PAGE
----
As much of England goes back into lockdown towards Christmas, a new film from U.K. domestic abuse charity Women's Aid shines a light on the desperation that some women feel about not being able to leave the house.
The spot, by Engine, depicts a woman sitting in her car in an empty city center parking lot, with a bored small child. They sit there for hours, until dark, yet the voiceover is that of her perkily describing a shopping trip, with busy stores and socially distanced queueing because of COVID. It's only towards the end that we see her at her home preparing dinner, telling her partner about the "trip," as she flinches on hearing him comes towards her. “For thousands of women and children right now, home is anything but safe," the endline reads.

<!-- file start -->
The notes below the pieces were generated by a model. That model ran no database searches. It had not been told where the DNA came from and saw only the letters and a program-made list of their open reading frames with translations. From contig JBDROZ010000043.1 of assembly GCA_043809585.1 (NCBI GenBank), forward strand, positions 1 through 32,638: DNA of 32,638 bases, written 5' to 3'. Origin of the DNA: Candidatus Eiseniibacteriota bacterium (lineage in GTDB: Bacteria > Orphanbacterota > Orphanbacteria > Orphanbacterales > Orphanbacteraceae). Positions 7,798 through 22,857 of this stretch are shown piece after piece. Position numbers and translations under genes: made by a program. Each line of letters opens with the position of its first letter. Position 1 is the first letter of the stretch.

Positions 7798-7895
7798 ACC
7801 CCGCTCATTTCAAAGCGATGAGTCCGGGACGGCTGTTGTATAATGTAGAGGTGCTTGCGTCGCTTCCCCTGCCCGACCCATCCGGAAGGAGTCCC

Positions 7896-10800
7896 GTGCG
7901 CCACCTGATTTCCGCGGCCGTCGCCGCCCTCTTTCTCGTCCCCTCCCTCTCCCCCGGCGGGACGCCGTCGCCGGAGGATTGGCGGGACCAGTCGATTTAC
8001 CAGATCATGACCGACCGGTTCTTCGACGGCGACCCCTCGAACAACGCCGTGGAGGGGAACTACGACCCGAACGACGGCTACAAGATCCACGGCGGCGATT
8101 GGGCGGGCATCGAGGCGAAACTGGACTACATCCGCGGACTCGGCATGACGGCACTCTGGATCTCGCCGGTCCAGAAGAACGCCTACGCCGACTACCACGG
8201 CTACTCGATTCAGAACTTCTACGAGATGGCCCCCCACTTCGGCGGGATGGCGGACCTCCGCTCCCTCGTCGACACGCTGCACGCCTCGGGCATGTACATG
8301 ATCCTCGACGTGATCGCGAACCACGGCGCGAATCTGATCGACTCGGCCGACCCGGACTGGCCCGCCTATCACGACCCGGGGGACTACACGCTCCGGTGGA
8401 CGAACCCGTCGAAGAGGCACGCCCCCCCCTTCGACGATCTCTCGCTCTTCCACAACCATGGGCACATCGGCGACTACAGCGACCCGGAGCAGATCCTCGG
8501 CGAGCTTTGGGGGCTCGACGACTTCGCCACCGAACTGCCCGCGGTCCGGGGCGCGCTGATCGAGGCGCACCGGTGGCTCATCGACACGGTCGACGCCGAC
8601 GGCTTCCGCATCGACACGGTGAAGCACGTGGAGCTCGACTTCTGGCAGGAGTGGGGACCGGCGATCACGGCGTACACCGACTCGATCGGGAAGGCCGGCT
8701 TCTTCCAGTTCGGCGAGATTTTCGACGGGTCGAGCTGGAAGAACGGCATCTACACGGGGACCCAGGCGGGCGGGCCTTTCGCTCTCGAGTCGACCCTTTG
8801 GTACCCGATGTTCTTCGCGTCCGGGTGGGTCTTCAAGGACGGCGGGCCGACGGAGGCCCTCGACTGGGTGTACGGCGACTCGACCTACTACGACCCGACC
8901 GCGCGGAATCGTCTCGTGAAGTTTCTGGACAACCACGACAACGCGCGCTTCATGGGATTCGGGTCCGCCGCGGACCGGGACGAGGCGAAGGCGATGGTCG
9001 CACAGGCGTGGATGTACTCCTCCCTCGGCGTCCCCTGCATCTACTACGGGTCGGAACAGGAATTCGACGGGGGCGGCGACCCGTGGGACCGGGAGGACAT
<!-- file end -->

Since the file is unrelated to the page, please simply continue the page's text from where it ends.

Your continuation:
The film was directed by Molly Burdett and with cinematography by Robbie Ryn who worked on "The Favourite." It aims to highlight that for some women, any chance to get out and away from their partners has been reduced in the pandemic.
"The combined impact of the pandemic and the festive season will be significant for survivors of domestic abuse, who have told us that this year they have already felt trapped with their abusers during lockdown," said Nicki Norman, acting chief executive at Women’s Aid, in a statement. "Women are experiencing patterns of control and physical, emotional, economic and sexual abuse day in, day out—both Covid and the festive season can make existing abuse even worse.”
Earlier on in the pandemic, Women's Aid aired a powerful ad showing empty streets, parks and playgrounds, underlining that domestic abusers were now locked inside with their families.